Oddly enough, the man Pillow left in charge was an old friend of Grant's, and they openly mocked the guy while the terms of surrender were sorted out, with Grant saying that even if he had caught Pillow, he would've let him go, since his work for the Confederacy was turning out to be one of the best assets the Union had.
Ubaldo Soddu Wasn't Really "About" His Day Job
One lesson you can learn from the previous example is that if your country is not at war, there are all sorts of ways to rise through the ranks of the military without being good at war stuff at all. You could probably have a long career and retire with honors as long as, you know, fighting never breaks out.
That brings us to Italian General Ubaldo Soddu.
Who failed to live up to the promise of his first name.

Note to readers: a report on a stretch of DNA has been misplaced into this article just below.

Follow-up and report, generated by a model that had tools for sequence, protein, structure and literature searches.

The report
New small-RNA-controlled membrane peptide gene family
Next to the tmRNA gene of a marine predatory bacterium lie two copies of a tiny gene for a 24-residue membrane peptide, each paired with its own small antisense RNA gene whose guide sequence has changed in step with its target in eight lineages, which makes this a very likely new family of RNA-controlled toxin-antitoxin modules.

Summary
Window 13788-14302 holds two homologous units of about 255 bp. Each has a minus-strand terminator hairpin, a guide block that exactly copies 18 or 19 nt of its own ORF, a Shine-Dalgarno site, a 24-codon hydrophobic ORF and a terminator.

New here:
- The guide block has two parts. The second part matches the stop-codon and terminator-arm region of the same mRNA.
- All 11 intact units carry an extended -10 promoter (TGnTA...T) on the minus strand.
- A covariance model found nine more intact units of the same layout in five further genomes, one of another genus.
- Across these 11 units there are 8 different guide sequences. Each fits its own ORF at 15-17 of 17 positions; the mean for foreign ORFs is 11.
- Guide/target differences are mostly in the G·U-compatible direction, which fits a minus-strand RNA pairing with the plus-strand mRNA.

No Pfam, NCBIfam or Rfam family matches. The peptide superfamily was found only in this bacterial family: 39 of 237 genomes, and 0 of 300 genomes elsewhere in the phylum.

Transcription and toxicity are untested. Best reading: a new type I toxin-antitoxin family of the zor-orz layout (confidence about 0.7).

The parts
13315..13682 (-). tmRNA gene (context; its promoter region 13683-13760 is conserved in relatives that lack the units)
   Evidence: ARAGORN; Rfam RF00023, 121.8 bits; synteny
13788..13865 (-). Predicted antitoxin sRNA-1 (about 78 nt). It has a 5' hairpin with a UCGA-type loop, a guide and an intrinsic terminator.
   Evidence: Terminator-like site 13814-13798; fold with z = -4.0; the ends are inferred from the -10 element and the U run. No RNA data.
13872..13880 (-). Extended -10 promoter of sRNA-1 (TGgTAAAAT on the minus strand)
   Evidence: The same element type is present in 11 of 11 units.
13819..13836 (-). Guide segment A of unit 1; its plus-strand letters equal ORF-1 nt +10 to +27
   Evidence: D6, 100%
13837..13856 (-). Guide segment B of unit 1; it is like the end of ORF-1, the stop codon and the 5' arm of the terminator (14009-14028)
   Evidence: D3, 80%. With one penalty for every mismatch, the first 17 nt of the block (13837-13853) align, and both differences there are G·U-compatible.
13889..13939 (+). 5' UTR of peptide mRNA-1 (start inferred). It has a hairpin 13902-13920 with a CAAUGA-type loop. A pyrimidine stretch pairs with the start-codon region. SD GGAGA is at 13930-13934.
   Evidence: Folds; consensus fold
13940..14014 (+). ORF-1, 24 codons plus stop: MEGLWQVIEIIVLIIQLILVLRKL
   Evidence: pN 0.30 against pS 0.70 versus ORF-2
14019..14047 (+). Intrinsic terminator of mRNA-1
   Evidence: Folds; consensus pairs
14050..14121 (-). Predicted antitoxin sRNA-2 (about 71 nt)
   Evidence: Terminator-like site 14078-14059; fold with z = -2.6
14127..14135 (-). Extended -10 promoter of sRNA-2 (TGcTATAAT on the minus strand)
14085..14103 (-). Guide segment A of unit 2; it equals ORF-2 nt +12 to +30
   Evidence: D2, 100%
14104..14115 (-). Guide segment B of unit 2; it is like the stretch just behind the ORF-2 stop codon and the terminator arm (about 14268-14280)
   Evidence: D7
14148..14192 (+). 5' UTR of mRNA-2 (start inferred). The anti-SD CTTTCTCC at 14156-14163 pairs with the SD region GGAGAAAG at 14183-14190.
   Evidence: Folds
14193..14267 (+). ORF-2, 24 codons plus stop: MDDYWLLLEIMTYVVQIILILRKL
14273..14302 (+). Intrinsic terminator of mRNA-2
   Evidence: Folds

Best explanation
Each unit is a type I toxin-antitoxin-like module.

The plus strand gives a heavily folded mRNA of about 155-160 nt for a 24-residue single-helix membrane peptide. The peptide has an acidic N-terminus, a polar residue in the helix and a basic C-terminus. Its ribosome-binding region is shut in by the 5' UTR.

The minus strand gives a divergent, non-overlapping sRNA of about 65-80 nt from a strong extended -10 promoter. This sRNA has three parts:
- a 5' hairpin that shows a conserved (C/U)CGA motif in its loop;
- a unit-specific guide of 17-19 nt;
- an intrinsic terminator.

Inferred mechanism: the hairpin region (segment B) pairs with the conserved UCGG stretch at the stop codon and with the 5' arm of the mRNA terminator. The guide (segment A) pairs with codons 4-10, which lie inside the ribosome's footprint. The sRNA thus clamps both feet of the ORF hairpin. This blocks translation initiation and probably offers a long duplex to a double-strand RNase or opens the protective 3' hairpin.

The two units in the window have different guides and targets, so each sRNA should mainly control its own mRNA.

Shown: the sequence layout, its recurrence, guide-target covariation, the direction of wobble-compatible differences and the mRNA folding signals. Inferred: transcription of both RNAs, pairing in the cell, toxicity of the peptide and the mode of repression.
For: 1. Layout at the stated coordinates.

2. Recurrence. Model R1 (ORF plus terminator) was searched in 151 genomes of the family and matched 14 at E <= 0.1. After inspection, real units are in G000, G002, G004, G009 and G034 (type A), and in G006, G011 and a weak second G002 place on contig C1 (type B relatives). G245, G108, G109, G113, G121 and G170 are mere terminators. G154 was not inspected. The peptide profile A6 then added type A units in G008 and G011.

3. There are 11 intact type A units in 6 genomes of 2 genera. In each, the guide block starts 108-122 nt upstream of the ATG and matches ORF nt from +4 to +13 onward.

Saying that Soddu was a terrible general might not be fair, since by all accounts he was fantastic at every part that didn't involve commanding troops in battle. As a charming party dude, he spent the 1930s convincing both the Nazis and the British that he was on their side, while developing very refined tastes in music and pasta. In fact, he was so good at schmoozing that he gained a reputation as a "first-class commander" despite the fact that his description of his own military philosophy was "When you have a fine plate of pasta guaranteed for life and a little music, you don't need anything more." That reads like a particularly sloppy attempt to dodge a question, since music and pasta have nothing to do with the military or, strictly speaking, philosophy -- but weirdly enough, due largely to Italy's somewhat lackluster warrior culture, his military career was actually really promising.